Further methods of examining sarcopenia by including measures of inflammation and muscle quality have proven insightful. Interleukin-6 (IL-6) is an inflammatory tumor cytokine correlated with mortality in RCC and overall muscle mass loss; the combination of IL-6 with low SMI demonstrated the strongest predictive ability for OS (26.1 months vs. not reached, p<0.001) and risk of mortality (HR, 5.95) in a group of stage I-IV ccRCC patients [52,64,65]. When including the modified Glasgow Prognostic Score (mGPS), a metric of inflammation, Higgins et al. found that high-risk patients (with sarcopenia and high mGPS) demonstrated a higher area under the curve in comparison with SSIGN and IMDC scores in predicting 5-year RFS and CSS [66]. Sarcopenia combined with inflammation has shown a strong association with the likelihood of cancer recurrence and death in RCC, along with treatment response. Myosteatosis, as evaluated by SMD, is prognostic for worse OS in multiple malignancies, including RCC [18]. Across cohorts, high SMD has proven to be a protective factor in both localized and advanced-stage RCC, and can help predict improved response to targeted therapies in mRCC [16,67]. The role of myosteatosis in immunotherapy is unclear in RCC, although results have been mixed for other malignancies [7,68].

3. Influence of Fat Measurements

Although BMI is readily measurable, its association with outcomes in kidney cancer is inconsistent. Originally intended to detect fat, BMI fails to account for age, comorbid metabolic conditions, and muscle mass, therefore limiting its interpretation and applicability [10]. Fat measurements are more accurate representations of body composition and demonstrate stronger correlations with cancer development and prognosis [10,12,69]. Table 3 provides a summary of the findings discussed in this section.

1) Perioperative outcomes

Studies that included visceral adiposity along with elevated BMI showed associations with increased operative time and EBL alongside postsurgical complications, LOS, and expenses [25,70]. In 2 studies conducted in Japan and China, elevated VAT was associated with prolonged operative time, increased EBL, longer LOS, and a higher rate of complications in patients undergoing laparoscopic RN for T stage I-III RCC [25,70]. However, in a separate Japanese cohort using the same VAT area cutoff (≥100 cm2), elevated VAT was only associated with prolonged operative time (HR, 5.15; p=0.004) among nonexpert surgeons (<50 laparoscopic RN procedures per year) [71]. Furthermore, Darbas et al. [29] analyzed 96 overweight patients following nephrectomy, and found no association between body composition measures, including VAT and SAT indices (cm2/m2), and the risk of infection or LOS, though this study was limited by its sample size and the inclusion of only overweight patients. In another study examining 210 patients undergoing nephrectomy, no significant difference in fat tissue distribution was found between those with and without high-grade postoperative complications [72].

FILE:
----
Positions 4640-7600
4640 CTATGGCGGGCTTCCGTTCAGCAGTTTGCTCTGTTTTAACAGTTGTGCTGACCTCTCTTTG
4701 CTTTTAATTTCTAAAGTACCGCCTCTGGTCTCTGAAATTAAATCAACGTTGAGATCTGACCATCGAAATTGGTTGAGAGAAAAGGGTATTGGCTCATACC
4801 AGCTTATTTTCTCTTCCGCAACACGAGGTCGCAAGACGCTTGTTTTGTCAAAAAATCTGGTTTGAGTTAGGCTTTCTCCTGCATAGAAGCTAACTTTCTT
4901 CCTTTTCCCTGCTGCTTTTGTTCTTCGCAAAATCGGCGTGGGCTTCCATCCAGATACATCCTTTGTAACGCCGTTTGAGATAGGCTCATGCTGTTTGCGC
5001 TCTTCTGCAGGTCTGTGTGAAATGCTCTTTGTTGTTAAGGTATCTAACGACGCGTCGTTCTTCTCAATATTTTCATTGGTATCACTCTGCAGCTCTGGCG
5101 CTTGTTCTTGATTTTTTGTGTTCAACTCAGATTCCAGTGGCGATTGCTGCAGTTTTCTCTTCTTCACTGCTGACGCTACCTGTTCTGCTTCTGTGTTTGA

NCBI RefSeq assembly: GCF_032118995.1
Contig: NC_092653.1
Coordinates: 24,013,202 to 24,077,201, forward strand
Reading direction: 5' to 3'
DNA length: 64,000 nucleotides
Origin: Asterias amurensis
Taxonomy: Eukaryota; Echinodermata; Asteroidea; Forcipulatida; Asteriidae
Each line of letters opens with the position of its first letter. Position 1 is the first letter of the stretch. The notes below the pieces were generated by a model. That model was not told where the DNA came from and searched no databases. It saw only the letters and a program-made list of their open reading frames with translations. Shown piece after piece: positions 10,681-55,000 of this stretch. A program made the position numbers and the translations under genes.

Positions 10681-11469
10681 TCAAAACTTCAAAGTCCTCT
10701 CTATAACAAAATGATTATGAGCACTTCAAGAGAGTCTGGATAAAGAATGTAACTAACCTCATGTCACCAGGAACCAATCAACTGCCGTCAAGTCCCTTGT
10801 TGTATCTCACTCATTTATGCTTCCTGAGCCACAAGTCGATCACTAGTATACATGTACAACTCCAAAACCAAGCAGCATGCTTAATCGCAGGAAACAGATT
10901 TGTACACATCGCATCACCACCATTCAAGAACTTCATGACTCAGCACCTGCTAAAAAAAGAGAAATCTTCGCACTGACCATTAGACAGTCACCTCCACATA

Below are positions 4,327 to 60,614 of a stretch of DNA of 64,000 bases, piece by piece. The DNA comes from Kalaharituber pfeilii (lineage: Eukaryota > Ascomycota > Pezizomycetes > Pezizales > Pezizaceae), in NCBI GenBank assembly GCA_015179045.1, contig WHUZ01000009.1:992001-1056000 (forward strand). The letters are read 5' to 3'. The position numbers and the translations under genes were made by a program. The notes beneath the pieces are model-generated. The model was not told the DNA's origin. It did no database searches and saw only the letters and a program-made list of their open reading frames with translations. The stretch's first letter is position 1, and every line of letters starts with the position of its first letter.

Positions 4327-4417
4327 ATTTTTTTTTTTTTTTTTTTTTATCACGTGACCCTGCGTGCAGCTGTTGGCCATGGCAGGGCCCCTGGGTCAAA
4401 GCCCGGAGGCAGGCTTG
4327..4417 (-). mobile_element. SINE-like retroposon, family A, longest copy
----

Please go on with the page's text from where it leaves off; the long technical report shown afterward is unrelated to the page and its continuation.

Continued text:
Given the somewhat inconsistent influence of VAT on complications of nephrectomy, alternative visceral adipose surrogates have been considered. Akaihata et al. [28] found that anterior perirenal fat distance was predictive of higher operative time and EBL during retroperitoneal laparoscopic RN. Among patients undergoing minimally invasive partial nephrectomy (PN), excess intra-abdominal fat, as measured by distance from the posterior renal capsule to abdominal wall, increased the probability of all-grade (OR, 1.05; p=0.005) and grade 3-4 (OR, 1.05; p=0.04) Clavien complications; however, the operative time and LOS were not impacted [73]. These findings were supported by Raman et al. [74], who showed that perinephric fat thickness, including the SAT proportion, posed an increased risk for all complications without affecting EBL, ischemic time, or LOS. Ioffe et al. [75] used perinephric, visceral, and subcutaneous fat thicknesses at pre-specified levels on cross-sectional imaging to categorize 118 patients into low, medium, and high tertiles; however, in this cohort of minimally invasive PN with a single surgeon, none of the measurements were associated with EBL, ischemic time, or postoperative complications. There is moderate support for perinephric fat measurement as a predictor of the risk for postoperative complications, but its association with other perioperative outcomes is uncertain.
Furthermore, the Mayo Adhesive Probability (MAP) score utilizes both quantitative and qualitative perinephric fat measurements to determine the degree of PN complexity [76]. Scores are determined via the degree of perinephric fat stranding, in addition to distances between the posterior renal capsule to the posterior abdominal wall and from the lateral renal capsule in alignment with the renal vein to the abdominal wall. A higher score was strongly predictive of the presence of adherent perinephric fat, and therefore surgical difficulty [76].

2) Localized RCC outcomes